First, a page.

When the words "Real Madrid" are mentioned, immediate connotations fill every football fan's head.
For Barcelona fans, or indeed those of any of Real's Madrid-dwelling counterparts, they would mostly be negative.
They might range from purely footballing opinions to the rather more macabre associations with Spain's former dictator General Franco.
But for almost everyone else around Europe—perhaps even around the world—Real Madrid are seen as the Kings of Europe.
If you asked most people to name the best side in Europe right now, very few, if any, would say Madrid. Barcelona or Manchester United would probably get the bulk of the votes.
However, if you were to ask who they thought the overall Kings of Europe were, Real Madrid would always be up there. The nine European Cups sitting in their trophy cabinet makes them the default answer.
But why is this? Looking at the record of their European Cup triumphs, it is painfully obvious that Madrid have only been a consistently dominant force in Europe twice.
Yes, just twice.
Between 1955 and 1960, they were indisputably the best side in Europe. A team containing the likes of Alfredo Di Stefano, 'Paco' Gento, and later Ferenc Puskas saw to that, helping them to five consecutive European Cups.
This period of dominance, it could be argued, lasted until 1966, when they won the European Cup again.
Between 1960-66, they largely battled for European supremacy with Eusebio's Benfica, finishing as runners-up in '62 and '64.
Despite another final appearance in 1981, Madrid would have to wait until the late '90s for another period of dominance.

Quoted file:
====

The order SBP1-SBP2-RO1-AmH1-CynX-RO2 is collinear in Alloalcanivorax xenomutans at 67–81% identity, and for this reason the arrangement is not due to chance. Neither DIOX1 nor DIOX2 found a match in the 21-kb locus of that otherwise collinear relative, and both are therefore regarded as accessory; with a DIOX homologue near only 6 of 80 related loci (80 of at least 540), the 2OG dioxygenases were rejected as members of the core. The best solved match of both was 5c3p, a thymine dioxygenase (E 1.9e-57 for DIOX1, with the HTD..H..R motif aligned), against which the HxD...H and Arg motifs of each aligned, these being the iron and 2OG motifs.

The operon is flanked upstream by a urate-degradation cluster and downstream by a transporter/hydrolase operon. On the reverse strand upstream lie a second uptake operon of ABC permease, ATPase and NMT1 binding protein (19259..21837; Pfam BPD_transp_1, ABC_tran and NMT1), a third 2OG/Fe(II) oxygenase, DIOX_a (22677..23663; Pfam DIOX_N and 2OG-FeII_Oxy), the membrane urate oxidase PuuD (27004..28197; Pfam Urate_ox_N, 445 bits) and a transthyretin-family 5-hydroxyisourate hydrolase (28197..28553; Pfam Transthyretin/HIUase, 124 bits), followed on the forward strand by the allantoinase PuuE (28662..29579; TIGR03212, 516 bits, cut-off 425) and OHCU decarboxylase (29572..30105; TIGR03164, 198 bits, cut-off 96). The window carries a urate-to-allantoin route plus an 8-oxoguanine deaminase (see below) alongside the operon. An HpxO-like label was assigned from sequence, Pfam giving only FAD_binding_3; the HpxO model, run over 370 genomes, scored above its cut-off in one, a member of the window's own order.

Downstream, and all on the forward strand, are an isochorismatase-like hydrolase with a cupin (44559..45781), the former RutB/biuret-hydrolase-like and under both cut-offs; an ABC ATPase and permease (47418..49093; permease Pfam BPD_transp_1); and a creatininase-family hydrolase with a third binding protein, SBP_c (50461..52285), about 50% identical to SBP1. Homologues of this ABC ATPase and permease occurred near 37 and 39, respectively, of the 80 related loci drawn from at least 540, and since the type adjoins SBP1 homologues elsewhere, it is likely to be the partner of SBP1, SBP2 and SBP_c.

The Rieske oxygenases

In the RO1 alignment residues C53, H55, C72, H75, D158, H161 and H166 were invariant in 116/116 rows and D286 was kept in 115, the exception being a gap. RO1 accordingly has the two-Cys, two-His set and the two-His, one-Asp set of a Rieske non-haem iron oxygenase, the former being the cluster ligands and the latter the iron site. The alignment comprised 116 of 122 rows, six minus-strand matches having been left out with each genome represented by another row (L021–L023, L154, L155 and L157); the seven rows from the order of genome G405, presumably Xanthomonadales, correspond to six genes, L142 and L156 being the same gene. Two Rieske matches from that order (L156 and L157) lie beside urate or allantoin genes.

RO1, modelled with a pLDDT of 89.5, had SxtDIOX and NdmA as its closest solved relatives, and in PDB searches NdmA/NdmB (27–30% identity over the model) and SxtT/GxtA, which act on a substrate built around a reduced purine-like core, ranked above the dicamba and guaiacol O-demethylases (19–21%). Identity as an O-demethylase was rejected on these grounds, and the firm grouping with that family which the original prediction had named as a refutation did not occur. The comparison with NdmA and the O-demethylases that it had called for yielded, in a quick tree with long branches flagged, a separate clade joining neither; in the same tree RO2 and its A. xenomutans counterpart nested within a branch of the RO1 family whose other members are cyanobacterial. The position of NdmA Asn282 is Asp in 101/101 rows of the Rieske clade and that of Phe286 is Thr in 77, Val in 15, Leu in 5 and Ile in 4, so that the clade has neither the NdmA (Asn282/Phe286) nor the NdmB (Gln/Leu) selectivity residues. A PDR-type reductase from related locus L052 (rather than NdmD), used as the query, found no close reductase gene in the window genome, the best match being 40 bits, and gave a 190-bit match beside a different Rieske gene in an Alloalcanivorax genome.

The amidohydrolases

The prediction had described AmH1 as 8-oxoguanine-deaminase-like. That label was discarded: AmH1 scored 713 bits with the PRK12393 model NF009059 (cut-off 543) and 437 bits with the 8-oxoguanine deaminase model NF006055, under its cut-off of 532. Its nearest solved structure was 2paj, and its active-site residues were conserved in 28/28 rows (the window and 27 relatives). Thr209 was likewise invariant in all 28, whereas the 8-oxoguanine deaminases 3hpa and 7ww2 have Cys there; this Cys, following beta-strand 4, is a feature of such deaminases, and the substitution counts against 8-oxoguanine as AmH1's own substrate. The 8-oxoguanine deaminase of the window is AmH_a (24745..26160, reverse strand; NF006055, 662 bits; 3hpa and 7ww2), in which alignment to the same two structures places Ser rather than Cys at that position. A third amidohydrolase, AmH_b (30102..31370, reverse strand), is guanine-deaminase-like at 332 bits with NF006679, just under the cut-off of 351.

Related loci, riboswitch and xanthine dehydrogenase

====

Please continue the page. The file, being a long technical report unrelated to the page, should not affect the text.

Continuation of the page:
They would win the trophy again in 1998, 2000, and 2002, the latter coming while the club was under the presidency of one Florentino Perez.
Perez ushered in an era reminiscent of those Madrid glory days of the 1950s, creating a dream team:
While the era wasn't as trophy-laden as the team-sheet of David Beckham, Luis Figo, Ronaldo, Zinedine Zidane, and Raul suggests that it should've been, it was still exciting times for the Madrid faithful.
And now, it seems that those exciting times are returning with Florentino Perez's second coming.
Kaka's world record transfer is testament to Perez's ambition and intent, and draws obvious comparisons to Zidane's world-record transfer in the first Galactico era.
Other touted transfer targets provide more comparisons. David Villa is regarded as one of the best strikers in world football, as Ronaldo was. Cristiano Ronaldo is a merchandise-selling machine, and a fairly useful player as well, much like David Beckham.
He is also a Portuguese captain and icon, much like Figo was.
So Perez must've seen enough in the Galactico's first stint to think a second era was worthwhile and, after a few years out of the European spotlight, it could well make Madrid a force to be reckoned with once again.
It will certainly make the Real Madrid vs. Barcelona matches compelling viewing! Imagine Lionel Messi, Thierry Henry, and Samuel Eto'o up against Kaka, David Villa, and Cristiano Ronaldo.
Will this latest Madrid dream team see a return to the glory days? I think so.
Whatever happens, we're in for a great show.
Sit down and make yourself comfortable, because you're about to witness Galacticos 2: The Return of the Kings.
Quiz Question No. 8:
Real Madrid signed Luis Figo from Barcelona for a world record transfer fee in 2000, a record later broken by fellow Galactico Zidane, but who held the record before Figo's transfer?